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Author Topic: Report to Congress on Amateur Radio Submitted  (Read 6948 times)
AA6CJ
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Posts: 22




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« on: August 22, 2012, 02:26:58 PM »

Hello all,
http://www.fcc.gov/document/report-congress-amateur-radio-emergencies-and-disaster-relief
The much anticipated report is in.  FCC recommends no changes to its policy on CC&Rs.
Oh well, flagpole for me it seems.
73,
Fred
AA6CJ
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N4UM
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Posts: 440




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« Reply #1 on: August 23, 2012, 08:21:30 AM »

Clearly the FCC's "recommendations" had no basis in the data they collected but chose to ignore.  Write your congressmen if you feel the FCC's recommendations had little to do with the "data" they collected. 

Talk about a complete waste of the taxpayer's money!
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AI7AZ
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Posts: 12




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« Reply #2 on: August 23, 2012, 10:29:10 AM »

Read the report.  By my reading anyway, the FCC's "conclusion" is their opinion, and they reached this opinion by what appears to be an undefined analysis process.  My opinion is that the FCC appears to have approached the document with a foregone conclusion in mind -- they want nothing to do with affecting CC&R's.  And they appear to have mined whatever data they could from the survey results, no matter how thin, to support this position.
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KC9NVP
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Posts: 64




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« Reply #3 on: August 23, 2012, 10:45:24 AM »

Look like its time to clean house at the FCC and start over.  I agree with both AI7AZ and N4UM that the FCC went in with there mind already made up on what the wanted to do and then wrote the report to support that view along with getting people off their back.

The FCC took a great opportunities to layout ways to improve things but dropped the ball and point the finger at other groups to come up with solutions, such as Homeland Security or state/local govt.  They dropped the ball.
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K5LXP
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« Reply #4 on: August 23, 2012, 12:14:29 PM »

Clearly the FCC's "recommendations" had no basis in the data they collected

"Clearly"?  Can you cite some examples?


Mark K5LXP
Albuquerque, NM
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K5USF
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Posts: 73




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« Reply #5 on: August 23, 2012, 01:15:12 PM »

Kick the can down the road.  The Feds will not touch HOAs/CC&Rs.  It's never going to happen.

Now, I need to go find one of those high performance (physics defying) indoor HF antennas.
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N4UM
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Posts: 440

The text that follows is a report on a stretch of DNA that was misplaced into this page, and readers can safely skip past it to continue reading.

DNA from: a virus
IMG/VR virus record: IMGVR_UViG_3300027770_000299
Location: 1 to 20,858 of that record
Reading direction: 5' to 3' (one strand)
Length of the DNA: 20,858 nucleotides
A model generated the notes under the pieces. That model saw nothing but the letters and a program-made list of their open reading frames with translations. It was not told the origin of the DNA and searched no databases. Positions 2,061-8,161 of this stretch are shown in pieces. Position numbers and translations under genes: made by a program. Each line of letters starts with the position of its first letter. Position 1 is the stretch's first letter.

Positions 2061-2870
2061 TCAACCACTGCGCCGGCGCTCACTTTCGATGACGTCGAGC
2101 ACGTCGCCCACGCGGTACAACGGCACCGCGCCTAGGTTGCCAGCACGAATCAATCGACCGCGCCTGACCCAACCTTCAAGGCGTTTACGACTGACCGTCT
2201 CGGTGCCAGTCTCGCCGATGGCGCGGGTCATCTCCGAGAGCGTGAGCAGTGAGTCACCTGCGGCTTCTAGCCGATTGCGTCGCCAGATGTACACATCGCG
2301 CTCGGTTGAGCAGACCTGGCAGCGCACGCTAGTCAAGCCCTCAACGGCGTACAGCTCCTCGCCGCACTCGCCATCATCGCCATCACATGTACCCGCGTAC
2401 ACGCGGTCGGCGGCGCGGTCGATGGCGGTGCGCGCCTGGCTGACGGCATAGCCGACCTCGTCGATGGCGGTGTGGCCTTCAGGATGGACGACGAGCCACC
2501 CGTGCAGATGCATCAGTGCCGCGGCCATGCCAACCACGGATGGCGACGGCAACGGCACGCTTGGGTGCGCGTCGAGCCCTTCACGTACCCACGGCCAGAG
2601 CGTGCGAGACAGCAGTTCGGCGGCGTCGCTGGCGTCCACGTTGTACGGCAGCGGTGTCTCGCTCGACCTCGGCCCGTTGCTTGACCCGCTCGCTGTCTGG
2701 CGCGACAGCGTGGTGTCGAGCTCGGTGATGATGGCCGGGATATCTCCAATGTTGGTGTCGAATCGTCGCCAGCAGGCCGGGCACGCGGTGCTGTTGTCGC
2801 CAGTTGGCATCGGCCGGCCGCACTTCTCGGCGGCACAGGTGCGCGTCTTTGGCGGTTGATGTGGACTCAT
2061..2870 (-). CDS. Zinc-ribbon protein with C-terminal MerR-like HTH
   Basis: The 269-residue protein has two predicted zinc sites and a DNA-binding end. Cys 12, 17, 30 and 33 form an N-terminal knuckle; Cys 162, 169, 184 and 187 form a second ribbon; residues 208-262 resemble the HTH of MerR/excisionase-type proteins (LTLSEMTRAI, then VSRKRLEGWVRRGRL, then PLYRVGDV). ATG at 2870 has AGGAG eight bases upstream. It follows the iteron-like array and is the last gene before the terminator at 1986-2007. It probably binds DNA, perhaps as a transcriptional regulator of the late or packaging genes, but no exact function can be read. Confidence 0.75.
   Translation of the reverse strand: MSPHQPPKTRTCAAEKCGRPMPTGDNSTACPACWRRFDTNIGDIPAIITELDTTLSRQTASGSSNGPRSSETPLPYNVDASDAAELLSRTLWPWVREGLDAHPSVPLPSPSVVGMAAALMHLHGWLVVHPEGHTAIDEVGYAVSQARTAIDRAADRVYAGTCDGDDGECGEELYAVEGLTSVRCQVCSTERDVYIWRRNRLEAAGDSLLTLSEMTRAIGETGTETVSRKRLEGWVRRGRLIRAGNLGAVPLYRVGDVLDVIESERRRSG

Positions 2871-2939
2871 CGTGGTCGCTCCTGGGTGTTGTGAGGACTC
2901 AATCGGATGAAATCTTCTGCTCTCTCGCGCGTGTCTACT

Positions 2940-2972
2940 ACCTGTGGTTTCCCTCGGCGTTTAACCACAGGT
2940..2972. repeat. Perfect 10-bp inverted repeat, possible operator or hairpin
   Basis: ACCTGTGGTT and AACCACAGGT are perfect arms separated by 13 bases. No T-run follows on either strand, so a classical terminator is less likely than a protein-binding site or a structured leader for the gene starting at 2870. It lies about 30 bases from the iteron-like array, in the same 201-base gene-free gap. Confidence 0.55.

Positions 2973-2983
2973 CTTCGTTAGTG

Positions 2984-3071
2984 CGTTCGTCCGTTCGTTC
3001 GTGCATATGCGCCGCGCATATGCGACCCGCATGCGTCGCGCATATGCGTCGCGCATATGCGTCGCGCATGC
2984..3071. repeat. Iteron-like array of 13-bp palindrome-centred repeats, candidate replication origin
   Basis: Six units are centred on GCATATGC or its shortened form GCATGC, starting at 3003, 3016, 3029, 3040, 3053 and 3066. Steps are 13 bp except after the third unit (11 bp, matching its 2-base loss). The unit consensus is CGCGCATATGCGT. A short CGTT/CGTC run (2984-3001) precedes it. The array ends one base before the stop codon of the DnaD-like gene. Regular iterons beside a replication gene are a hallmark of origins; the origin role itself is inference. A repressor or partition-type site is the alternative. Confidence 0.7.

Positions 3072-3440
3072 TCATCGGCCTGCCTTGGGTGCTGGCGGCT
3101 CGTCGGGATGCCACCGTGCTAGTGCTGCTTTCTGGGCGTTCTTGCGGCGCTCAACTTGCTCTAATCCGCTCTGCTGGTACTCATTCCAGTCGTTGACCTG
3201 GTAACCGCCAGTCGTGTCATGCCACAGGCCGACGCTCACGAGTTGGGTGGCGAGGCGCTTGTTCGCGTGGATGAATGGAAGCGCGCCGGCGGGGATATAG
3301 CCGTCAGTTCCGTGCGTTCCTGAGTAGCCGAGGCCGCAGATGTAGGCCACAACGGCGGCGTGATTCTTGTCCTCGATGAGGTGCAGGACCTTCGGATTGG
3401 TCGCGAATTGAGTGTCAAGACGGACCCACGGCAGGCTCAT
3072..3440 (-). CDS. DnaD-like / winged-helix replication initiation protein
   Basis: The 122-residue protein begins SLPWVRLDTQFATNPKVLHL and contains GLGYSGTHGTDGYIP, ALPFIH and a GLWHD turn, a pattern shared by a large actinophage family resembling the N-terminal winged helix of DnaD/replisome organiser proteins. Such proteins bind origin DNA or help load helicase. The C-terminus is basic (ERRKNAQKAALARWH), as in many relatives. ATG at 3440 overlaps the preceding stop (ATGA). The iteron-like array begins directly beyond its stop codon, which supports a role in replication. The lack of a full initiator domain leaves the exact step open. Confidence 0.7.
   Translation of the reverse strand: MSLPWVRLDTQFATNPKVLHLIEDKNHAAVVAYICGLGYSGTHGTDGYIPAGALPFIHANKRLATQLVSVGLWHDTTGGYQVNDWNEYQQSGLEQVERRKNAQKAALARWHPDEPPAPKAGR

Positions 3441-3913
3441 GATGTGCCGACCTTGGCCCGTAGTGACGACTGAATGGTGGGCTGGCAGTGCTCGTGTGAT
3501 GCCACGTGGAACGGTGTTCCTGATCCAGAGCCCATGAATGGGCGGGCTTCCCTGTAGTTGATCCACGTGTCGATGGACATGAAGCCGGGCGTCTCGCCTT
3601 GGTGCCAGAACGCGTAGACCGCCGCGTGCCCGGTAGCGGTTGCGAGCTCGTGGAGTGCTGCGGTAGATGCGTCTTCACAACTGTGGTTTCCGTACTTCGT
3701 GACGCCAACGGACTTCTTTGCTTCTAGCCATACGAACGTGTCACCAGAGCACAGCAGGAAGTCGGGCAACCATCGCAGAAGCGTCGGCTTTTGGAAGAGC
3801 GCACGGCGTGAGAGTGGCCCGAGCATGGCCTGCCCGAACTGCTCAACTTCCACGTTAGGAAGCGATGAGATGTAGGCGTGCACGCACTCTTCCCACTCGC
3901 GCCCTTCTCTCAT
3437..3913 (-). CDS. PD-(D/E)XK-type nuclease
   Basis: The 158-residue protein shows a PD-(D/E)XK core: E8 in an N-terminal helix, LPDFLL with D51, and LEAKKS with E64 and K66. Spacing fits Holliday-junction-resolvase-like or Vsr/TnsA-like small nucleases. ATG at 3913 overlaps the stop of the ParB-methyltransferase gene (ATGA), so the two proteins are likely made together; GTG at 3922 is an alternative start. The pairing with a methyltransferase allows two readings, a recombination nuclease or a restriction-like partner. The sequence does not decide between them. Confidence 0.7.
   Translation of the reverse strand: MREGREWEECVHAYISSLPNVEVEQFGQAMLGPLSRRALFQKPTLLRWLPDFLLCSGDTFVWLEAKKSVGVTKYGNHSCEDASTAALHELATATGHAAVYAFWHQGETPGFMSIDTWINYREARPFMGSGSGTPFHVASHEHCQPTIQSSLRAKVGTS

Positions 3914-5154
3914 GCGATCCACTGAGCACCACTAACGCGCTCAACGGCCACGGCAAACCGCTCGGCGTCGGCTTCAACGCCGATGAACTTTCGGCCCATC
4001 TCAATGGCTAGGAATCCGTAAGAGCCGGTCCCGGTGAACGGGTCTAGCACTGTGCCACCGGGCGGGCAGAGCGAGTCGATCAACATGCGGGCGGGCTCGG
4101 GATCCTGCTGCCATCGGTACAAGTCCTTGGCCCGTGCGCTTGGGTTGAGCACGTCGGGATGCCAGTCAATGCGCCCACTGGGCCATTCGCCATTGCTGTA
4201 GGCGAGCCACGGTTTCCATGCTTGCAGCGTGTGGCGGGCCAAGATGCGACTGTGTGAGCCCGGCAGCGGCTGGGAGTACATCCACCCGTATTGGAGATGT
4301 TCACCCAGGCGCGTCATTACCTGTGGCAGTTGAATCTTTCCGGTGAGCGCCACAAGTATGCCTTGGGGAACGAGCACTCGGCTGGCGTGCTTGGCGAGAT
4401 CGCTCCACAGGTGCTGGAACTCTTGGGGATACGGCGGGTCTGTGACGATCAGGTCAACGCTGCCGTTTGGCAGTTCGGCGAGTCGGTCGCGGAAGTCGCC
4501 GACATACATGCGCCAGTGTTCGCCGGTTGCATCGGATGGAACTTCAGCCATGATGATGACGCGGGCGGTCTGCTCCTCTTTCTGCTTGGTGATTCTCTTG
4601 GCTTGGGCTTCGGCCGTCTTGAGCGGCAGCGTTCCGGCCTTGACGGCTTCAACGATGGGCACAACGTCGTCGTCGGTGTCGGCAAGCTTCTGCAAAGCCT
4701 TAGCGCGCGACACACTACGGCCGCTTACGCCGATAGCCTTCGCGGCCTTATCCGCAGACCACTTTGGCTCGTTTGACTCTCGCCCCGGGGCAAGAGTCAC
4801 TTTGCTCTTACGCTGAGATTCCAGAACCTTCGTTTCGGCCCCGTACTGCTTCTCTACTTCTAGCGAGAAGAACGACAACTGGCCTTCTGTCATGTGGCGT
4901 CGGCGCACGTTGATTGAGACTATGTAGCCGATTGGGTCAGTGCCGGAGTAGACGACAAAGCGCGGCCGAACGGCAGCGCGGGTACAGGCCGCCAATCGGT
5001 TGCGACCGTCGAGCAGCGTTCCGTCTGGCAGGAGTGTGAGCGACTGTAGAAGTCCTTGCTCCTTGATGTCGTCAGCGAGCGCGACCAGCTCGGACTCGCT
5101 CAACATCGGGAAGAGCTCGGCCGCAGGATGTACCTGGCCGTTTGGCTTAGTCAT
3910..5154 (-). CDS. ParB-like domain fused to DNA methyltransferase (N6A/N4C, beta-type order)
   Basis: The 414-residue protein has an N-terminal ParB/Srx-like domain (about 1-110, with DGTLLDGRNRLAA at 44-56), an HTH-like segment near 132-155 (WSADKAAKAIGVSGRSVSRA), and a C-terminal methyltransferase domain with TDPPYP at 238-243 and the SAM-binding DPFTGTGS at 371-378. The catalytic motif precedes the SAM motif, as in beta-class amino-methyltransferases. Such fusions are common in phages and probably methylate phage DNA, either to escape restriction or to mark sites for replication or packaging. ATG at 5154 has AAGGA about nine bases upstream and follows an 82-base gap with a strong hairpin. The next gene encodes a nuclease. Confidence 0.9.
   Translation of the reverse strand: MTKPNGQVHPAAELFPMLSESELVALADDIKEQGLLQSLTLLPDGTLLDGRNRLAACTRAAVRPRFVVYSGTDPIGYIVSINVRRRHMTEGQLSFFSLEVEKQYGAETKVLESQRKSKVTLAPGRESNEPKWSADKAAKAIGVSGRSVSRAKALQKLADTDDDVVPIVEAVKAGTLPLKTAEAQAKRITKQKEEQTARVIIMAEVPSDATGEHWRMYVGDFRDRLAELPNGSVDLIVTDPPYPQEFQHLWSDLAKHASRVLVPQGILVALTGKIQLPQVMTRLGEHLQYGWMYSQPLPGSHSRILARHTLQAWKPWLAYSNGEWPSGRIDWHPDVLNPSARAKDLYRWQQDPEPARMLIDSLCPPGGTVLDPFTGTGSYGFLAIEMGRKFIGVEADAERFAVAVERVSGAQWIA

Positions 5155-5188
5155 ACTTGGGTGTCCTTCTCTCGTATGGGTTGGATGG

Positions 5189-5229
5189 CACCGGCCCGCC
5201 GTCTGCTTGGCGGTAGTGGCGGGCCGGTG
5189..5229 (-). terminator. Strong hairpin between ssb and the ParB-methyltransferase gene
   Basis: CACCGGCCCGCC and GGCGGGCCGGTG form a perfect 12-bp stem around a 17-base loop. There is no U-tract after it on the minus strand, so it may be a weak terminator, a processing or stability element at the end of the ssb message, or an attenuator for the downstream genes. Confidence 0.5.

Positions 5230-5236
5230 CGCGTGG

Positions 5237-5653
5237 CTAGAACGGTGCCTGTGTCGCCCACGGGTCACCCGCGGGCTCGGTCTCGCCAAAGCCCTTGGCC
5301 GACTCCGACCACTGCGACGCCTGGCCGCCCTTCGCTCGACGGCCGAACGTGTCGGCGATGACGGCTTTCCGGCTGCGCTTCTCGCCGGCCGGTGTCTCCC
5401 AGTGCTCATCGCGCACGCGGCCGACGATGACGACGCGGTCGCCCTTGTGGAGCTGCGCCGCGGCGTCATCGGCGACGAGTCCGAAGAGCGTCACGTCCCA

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« Reply #6 on: August 23, 2012, 01:16:16 PM »

The majority of respondents to their request for comments indicated that local land use restrictions had a detrimental effect upon the amateur service. The FCC's recommendation on this point contradicted the data from comments and they provided no other source of information that led them to their recommendation on this point.  They also ignored a petition on the same point containing well over 3000 signatures.  Their minds were made up before they even started collecting "data."  
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WB2WIK
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« Reply #7 on: August 23, 2012, 01:33:35 PM »

Remember the Commission is run by political appointees who are not elected by popular vote (or any kind of vote).  I'd think they would want to do as little as possible for the most compensation possible, as long as possible. Wink

Re the FCC doing nothing about circumventing private deed restrictions, that's not entirely true: When forced by Congress, they created the OTARD rule which does circumvent private deed restrictions for television receiving antennas.  But it took an act of Congress to make that happen.

Another act could make it happen again.  Time to contact your Congressweanies, because complaining to the FCC isn't going anywhere.
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K5USF
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Posts: 73




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« Reply #8 on: August 23, 2012, 01:44:59 PM »

They won't touch CC&Rs/HOAs for ham radio (to clarify)...I'd bet that Congress won't touch it either.  What's in it for them?  Big campaign donations from the ARRL and ham radio companies?   Seriously, would they go out on a limb for ~700,000 operators and ~3000 signatures on a petition?  This will lead to another "certificate of appreciation for hams", but the same old problem will remain.

I get frustrated with bureaucrats.  I sincerely hope they do the right thing.
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WA4YBC
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Posts: 3




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« Reply #9 on: August 23, 2012, 04:52:23 PM »

The FCC Report is pathetic, and shows a complete lack of interest in keeping Amateur Radio alive.
According to the FCC's Report, you have to pass a rigorous test to get a Amateur Radio license, and then you have to sell your house to live somewhere where you can put an antenna to use your license.
That is the most illogical dumbest report that I've ever seen come from a government official.
I wonder which planet the FCC officials live on.  The FCC planet is obviously not the same planet that you and I live on.
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K5USF